By Sharon Adarlo
Mark Zondlo and his research group have developed a mobile platform to measure critical greenhouse gases and air pollutants. They recently acquired an all-electric vehicle to house the suite of sensors, which they can use to monitor urban air quality, without altering their own measurements. Learn more about the project here. Video by Greta Shum.
Severe air pollution causes the premature death of more than 5.5 million people per year, according to news reports.
Mark Zondlo, the Andlinger Center for Energy and the Environment’s associate director for external partnerships and associate professor of civil and environmental engineering at Princeton University, develops tools to measure air pollution in more sophisticated and nimble ways than previously possible. His specially engineered laser sensors and drones help reveal the impact of greenhouse gases and air pollutants on the climate, where pollutants come from, and how clouds of air pollution – such as smog – form. The end goal is to ultimately inform policy that will clear the air and our lungs and slash air pollution’s staggering impact on human mortality.
Zondlo joined the Princeton faculty in 2008. He holds a bachelor’s degree from Rice University in chemistry and a doctoral degree from the University of Colorado in physical and atmospheric chemistry. As associate director for external partnerships at the center, he sparks opportunities to partner with corporations, non-profits, and governmental entities and oversees Princeton E-ffiliates Partnership, a corporate membership program that forges collaborations between academic experts on campus and practitioners in industry. Zondlo recently spoke with the Andlinger Center about his work.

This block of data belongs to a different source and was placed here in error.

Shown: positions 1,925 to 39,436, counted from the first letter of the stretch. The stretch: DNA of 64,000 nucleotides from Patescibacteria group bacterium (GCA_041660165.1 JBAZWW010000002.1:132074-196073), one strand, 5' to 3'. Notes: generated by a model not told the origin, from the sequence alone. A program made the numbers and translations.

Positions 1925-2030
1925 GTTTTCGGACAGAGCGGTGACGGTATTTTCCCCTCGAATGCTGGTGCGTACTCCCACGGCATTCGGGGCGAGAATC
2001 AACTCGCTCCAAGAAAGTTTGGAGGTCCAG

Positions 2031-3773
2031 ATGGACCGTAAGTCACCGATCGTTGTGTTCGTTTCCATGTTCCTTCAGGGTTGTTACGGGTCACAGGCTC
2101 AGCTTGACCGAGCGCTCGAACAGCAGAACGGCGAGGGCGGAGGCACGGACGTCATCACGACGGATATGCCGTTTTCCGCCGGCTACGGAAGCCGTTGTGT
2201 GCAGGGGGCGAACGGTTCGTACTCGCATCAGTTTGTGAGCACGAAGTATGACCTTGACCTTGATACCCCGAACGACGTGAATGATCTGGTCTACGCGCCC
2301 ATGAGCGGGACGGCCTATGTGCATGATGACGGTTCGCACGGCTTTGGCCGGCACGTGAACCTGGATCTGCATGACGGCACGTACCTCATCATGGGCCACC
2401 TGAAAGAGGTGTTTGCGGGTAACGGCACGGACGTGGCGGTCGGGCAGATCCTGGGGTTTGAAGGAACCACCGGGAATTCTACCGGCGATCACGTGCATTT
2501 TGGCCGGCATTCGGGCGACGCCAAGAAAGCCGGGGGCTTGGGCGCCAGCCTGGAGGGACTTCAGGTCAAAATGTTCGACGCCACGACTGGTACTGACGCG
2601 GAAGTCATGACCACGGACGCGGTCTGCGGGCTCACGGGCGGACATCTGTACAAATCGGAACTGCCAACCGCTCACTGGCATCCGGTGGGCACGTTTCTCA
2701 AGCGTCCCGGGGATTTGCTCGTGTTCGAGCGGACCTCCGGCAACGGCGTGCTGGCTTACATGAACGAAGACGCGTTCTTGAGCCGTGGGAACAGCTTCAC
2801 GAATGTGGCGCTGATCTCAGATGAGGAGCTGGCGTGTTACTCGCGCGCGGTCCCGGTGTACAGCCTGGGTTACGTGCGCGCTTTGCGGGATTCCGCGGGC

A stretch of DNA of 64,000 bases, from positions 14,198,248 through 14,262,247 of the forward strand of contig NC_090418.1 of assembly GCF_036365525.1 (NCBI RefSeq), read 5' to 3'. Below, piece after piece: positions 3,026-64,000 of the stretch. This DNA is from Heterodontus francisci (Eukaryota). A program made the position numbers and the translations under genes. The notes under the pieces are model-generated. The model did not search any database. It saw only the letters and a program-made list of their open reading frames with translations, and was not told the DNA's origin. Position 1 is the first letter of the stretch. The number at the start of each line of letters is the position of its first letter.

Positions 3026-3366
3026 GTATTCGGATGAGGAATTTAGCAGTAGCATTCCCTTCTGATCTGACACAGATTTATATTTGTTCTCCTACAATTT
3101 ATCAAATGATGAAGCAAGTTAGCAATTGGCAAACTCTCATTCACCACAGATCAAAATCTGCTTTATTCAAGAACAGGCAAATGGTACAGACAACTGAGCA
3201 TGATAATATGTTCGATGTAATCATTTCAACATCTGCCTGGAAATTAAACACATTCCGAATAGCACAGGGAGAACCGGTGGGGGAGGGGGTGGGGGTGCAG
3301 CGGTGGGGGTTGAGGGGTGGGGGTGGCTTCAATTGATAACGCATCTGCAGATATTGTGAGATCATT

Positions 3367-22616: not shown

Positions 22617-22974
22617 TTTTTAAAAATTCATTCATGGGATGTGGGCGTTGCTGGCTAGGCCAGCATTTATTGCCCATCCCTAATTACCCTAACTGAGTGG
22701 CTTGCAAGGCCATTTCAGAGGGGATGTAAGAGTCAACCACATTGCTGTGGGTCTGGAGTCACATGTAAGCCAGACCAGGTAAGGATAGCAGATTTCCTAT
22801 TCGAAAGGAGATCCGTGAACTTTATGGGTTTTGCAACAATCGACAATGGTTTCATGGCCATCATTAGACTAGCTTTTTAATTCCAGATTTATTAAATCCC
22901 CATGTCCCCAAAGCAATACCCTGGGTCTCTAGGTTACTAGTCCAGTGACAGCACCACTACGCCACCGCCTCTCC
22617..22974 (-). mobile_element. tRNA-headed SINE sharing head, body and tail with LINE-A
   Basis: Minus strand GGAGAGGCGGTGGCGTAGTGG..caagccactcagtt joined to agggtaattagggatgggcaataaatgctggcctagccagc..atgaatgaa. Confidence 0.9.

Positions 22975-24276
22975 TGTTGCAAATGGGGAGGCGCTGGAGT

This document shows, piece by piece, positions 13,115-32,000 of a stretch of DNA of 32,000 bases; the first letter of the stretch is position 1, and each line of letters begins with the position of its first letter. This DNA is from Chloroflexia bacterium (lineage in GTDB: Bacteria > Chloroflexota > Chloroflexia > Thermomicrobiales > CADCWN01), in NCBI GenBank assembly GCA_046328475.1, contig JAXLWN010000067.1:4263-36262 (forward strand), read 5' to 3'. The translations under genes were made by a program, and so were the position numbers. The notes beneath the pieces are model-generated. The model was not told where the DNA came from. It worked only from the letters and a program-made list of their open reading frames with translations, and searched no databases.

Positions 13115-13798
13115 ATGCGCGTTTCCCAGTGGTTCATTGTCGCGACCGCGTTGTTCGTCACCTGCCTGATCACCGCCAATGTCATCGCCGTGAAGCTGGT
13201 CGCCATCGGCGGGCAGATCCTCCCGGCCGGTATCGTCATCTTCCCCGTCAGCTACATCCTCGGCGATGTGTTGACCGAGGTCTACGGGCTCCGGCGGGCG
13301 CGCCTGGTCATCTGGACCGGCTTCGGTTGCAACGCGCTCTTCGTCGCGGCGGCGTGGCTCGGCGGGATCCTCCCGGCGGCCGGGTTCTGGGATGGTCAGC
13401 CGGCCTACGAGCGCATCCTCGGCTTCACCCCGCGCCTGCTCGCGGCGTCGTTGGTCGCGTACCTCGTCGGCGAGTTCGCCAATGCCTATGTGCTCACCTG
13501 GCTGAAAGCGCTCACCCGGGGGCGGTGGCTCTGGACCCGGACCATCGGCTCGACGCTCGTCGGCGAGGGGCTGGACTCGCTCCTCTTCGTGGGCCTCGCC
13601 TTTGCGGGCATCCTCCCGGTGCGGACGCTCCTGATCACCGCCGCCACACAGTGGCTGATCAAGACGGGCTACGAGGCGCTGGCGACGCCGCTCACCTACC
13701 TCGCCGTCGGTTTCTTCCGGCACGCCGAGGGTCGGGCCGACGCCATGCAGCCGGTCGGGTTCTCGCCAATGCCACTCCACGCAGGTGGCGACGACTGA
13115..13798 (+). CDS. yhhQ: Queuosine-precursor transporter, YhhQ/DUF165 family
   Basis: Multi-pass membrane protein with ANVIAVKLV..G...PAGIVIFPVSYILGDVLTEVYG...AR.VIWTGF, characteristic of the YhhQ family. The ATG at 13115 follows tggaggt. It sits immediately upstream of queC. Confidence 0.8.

Tell us about your research.
My research group studies the fundamental areas in the atmospheric sciences, such as cloud formation, the composition of aerosol particles – haze, dust, and smoke – in the air that seed clouds, and the sources of greenhouse gases. We use observations to quantify how human emissions impact the natural environment from air quality and human health to cloud formation to climate change.
The largest sources of uncertainty in predicting climate changes like rising temperatures and shifting weather patterns lie in the effects of aerosol particles and cloud formation. Human activities, such as burning coals and fossil fuels, contribute to global climate change. But without precise and accurate measurements, it is hard to know the most effective changes to make to protect our environment. That is why we decided to create new sensors to answer key scientific questions.
There are commercialized technologies available that can measure various gases in the atmosphere. But they tend to be bulky, expensive, and are quite difficult to deploy in relevant field environments. They also consume a lot of power, so we want to make systems that are much smaller, but maintain robustness, high accuracy, and precision.